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Open Access Research article

Analysis of X-ray Structures of Matrix Metalloproteinases via Chaotic Map Clustering

Ilenia Giangreco1, Orazio Nicolotti1*, Angelo Carotti1, Francesco De Carlo2, Gianfranco Gargano2 and Roberto Bellotti2

Author Affiliations

1 Dipartimento Farmaco-Chimico, University of Bari, via Orabona 4, 70125 Bari, Italy

2 Dipartimento Interateneo di Fisica, University of Bari, via Amendola 173, 70125 Bari, Italy

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BMC Bioinformatics 2010, 11:500  doi:10.1186/1471-2105-11-500

Published: 8 October 2010

Abstract

Background

Matrix metalloproteinases (MMPs) are well-known biological targets implicated in tumour progression, homeostatic regulation, innate immunity, impaired delivery of pro-apoptotic ligands, and the release and cleavage of cell-surface receptors. With this in mind, the perception of the intimate relationships among diverse MMPs could be a solid basis for accelerated learning in designing new selective MMP inhibitors. In this regard, decrypting the latent molecular reasons in order to elucidate similarity among MMPs is a key challenge.

Results

We describe a pairwise variant of the non-parametric chaotic map clustering (CMC) algorithm and its application to 104 X-ray MMP structures. In this analysis electrostatic potentials are computed and used as input for the CMC algorithm. It was shown that differences between proteins reflect genuine variation of their electrostatic potentials. In addition, the analysis has been also extended to analyze the protein primary structures and the molecular shapes of the MMP co-crystallised ligands.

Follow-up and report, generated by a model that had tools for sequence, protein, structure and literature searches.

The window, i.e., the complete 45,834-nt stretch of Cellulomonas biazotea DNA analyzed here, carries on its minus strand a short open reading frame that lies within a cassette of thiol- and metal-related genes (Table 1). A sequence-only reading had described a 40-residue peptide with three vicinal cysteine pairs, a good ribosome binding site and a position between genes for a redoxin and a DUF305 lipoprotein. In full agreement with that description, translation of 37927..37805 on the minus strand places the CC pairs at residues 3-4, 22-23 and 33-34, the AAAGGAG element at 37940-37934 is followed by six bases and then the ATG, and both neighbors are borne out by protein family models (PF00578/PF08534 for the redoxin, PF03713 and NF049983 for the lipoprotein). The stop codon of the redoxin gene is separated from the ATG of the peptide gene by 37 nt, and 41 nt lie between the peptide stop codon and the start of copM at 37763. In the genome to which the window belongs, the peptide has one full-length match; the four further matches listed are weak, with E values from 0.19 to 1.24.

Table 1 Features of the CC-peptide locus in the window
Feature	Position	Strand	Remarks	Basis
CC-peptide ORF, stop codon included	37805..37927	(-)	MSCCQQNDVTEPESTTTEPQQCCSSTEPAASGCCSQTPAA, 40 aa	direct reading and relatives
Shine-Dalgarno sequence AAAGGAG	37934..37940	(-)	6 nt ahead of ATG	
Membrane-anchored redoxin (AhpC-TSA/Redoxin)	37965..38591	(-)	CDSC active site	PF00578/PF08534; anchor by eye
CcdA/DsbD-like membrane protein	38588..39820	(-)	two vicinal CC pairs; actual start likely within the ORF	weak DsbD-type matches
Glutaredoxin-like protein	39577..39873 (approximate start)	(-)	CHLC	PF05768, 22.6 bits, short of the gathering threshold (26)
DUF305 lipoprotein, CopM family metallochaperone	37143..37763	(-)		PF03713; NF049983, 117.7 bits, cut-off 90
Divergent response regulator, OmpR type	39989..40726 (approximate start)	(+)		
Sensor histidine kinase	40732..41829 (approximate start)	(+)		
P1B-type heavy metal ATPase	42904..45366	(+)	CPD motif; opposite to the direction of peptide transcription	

Conclusions

The CMC algorithm was shown to be a valuable tool in knowledge acquisition and transfer from MMP structures. Based on the variation of electrostatic potentials, CMC was successful in analysing the MMP target family landscape and different subsites. The first investigation resulted in rational figure interpretation of both domain organization as well as of substrate specificity classifications. The second made it possible to distinguish the MMP classes, demonstrating the high specificity of the S1' pocket, to detect both the occurrence of punctual mutations of ionisable residues and different side-chain conformations that likely account for induced-fit phenomena. In addition, CMC demonstrated a potential comparable to the most popular UPGMA (Unweighted Pair Group Method with Arithmetic mean) method that, at present, represents a standard clustering bioinformatics approach. Interestingly, CMC and UPGMA resulted in closely comparable outcomes, but often CMC produced more informative and more easy interpretable dendrograms. Finally, CMC was successful for standard pairwise analysis (i.e., Smith-Waterman algorithm) of protein sequences and was used to convincingly explain the complementarity existing between the molecular shapes of the co-crystallised ligand molecules and the accessible MMP void volumes.